With the recent news that annuity rates have hit all time lows let us take a look at annuities, how they impact pensions and how the new rates affect people approaching pensions, and possible alternatives.
An annuity, also known as a lifetime annuity, is essentially an agreement made between the pension holder and an insurance company where the pension holder will give either a portion or all of their pension over to the company who will then pay it back to the holder for the final stretch of said holders life, in the form of a regular income. The annuity income can be paid out either yearly, half-yearly, quarterly or monthly.
An annuity rate is the rate at which an individual’s accumulated pension will be paid out over the years, via a defined contribution pension scheme or a money purchase. After building up their ‘pension pot’ people then exchange the funds for a guaranteed income, the rate of which is set by their pension provider.
Annuities are quite flexible, the amount you receive through them may remain the same at all times or they may have been set with annual increases, either at an agreed rate, like 4 percent a year, or the increase may be at a variable rate. An annuities value is dependent on how much money you have in the first place and the rate of annuity offered by the seller. The rate of annuity is what converts the funds into the pension. Insurers calculate annuity rates by looking at factors such as current interest rates, the individuals age, their gender, their mortality and general health. The older someone is the higher their rates will be as they will have less time to live, also a man would be offered a higher rate than a woman of the same age because the male life expectancy is lower than that of a female.
What’s happening now is that annuity rates have been in steady decline for a number of years, with an all-time new low, 6.35 percent, now being reached. The low rate means that retirees will now have less pension money then ever before. Someone with a retirement pot of £100,000 will now only receive £6,350 per year, which is £1,220 less than what they would have received two years ago, also when you buy an annuity the rate at which it is sold is the rate you are stuck with for the entire package.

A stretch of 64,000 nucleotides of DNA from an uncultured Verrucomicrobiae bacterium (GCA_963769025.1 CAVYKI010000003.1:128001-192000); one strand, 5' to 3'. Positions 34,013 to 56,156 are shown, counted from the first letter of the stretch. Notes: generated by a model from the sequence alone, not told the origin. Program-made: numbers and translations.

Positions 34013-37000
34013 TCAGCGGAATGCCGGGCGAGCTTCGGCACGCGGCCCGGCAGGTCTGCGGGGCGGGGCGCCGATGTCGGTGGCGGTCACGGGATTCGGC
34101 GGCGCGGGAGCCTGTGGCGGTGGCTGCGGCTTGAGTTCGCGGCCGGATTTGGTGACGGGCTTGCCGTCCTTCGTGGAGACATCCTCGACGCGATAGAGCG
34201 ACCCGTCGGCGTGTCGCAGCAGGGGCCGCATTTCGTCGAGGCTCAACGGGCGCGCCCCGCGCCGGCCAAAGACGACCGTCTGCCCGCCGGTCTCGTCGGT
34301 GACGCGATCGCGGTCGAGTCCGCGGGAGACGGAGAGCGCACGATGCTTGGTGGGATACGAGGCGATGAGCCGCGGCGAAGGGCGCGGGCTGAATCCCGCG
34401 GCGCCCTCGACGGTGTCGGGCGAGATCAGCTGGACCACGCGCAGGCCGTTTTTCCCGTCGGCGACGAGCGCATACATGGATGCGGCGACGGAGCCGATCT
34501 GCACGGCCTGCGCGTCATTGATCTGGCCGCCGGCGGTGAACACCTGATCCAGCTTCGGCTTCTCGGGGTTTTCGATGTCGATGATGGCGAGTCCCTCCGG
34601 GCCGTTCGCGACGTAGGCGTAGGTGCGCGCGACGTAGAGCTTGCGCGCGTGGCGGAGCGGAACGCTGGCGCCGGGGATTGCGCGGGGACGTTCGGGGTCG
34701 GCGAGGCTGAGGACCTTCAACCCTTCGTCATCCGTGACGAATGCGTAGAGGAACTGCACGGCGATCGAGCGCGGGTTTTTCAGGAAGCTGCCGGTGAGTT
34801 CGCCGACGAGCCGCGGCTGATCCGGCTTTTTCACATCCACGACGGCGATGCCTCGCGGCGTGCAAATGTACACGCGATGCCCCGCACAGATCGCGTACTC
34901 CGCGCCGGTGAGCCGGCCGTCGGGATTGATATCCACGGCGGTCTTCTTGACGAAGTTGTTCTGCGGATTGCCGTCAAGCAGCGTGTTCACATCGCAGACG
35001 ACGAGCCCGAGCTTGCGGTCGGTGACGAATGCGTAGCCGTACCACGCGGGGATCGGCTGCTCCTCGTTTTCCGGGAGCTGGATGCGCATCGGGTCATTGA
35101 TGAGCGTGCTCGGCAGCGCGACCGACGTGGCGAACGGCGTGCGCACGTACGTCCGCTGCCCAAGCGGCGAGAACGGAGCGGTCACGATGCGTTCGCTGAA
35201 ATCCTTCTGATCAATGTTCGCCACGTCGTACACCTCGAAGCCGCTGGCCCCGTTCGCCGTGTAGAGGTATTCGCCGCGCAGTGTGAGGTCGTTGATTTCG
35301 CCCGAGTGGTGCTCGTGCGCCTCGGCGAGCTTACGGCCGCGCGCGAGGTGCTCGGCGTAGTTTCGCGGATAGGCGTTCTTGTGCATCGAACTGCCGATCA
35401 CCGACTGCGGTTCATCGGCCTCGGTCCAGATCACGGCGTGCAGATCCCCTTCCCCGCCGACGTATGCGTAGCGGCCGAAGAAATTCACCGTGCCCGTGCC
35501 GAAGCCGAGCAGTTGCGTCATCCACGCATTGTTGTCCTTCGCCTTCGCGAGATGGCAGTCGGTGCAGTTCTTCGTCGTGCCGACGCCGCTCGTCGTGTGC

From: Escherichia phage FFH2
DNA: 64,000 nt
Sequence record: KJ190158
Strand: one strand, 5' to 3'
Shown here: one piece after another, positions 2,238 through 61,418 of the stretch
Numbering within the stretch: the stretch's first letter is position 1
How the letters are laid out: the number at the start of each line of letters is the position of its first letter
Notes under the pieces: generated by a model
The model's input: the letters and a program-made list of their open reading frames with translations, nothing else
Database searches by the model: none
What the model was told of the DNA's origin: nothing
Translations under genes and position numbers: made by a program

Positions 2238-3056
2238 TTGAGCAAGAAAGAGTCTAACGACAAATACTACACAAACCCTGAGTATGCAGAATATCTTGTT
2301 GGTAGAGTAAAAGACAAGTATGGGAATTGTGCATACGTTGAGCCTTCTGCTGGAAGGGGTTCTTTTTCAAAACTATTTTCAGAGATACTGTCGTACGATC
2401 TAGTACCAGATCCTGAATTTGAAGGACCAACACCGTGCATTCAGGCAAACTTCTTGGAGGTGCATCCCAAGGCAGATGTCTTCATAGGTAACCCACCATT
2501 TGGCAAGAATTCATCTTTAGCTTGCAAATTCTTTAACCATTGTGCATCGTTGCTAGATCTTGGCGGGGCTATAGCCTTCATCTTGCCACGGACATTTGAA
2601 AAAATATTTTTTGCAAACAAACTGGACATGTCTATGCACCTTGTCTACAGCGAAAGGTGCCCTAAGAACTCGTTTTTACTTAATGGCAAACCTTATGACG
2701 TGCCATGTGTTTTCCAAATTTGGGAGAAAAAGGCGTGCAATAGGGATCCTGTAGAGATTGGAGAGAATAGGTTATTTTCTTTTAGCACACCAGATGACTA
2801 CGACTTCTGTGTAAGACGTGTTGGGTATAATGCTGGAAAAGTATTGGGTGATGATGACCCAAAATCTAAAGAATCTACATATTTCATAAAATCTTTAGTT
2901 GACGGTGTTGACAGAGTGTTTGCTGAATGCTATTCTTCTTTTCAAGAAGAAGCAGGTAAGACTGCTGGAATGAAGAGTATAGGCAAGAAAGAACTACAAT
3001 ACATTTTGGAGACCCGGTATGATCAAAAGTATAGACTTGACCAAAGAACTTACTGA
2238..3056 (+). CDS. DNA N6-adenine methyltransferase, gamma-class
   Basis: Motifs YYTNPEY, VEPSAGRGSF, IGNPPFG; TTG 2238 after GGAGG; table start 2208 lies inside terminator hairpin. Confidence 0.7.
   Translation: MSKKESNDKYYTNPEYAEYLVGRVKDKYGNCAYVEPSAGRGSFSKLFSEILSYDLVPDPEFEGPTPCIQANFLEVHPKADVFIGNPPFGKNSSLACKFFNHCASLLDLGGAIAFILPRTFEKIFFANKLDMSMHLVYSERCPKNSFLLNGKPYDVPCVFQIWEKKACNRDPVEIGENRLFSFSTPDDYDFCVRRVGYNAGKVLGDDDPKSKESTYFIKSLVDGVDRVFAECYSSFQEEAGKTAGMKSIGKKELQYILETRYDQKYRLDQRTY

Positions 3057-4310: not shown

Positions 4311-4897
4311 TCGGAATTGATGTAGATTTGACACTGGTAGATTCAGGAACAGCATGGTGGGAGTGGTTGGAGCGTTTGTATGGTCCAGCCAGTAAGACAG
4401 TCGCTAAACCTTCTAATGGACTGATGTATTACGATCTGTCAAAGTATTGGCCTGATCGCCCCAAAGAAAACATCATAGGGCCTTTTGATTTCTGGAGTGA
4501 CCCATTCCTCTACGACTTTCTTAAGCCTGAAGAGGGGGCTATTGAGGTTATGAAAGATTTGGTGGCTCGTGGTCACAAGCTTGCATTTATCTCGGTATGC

One of the problems with annuities is that insurance companies constantly adjust them in line with people’s life expectancy. As people begin to live for longer insurance companies don’t want to give out more money so they reduce the rates. Another issue is that fact that insurance companies pay out on the annuity via money they themselves have earned through purchasing government gilts and bonds, as these gilts have grown in popularity so has the price been increased, leaving the insurance companies with less profit to pay out from.
At the moment people are not forced into buying an annuity until they are 75, but the new government has come out and said that they plan on changing this scheme, and making it more flexible.
If you have entered retirement and feel that you have to buy an annuity as soon as possible then the advice is to shop around, there are different annuity packages available for different types of people. For instance the cautious type could find an annuity that will protect you from inflation, and on the flipside a daring investor could find one that allows you to dabble in the stock market.
If you feel that you may wish to seek an alternative option then be aware that there are other pension plans available. The QNUPS is a new offshore pension plan that doesn’t require you to buy an annuity. For information please see our pensions and retirement section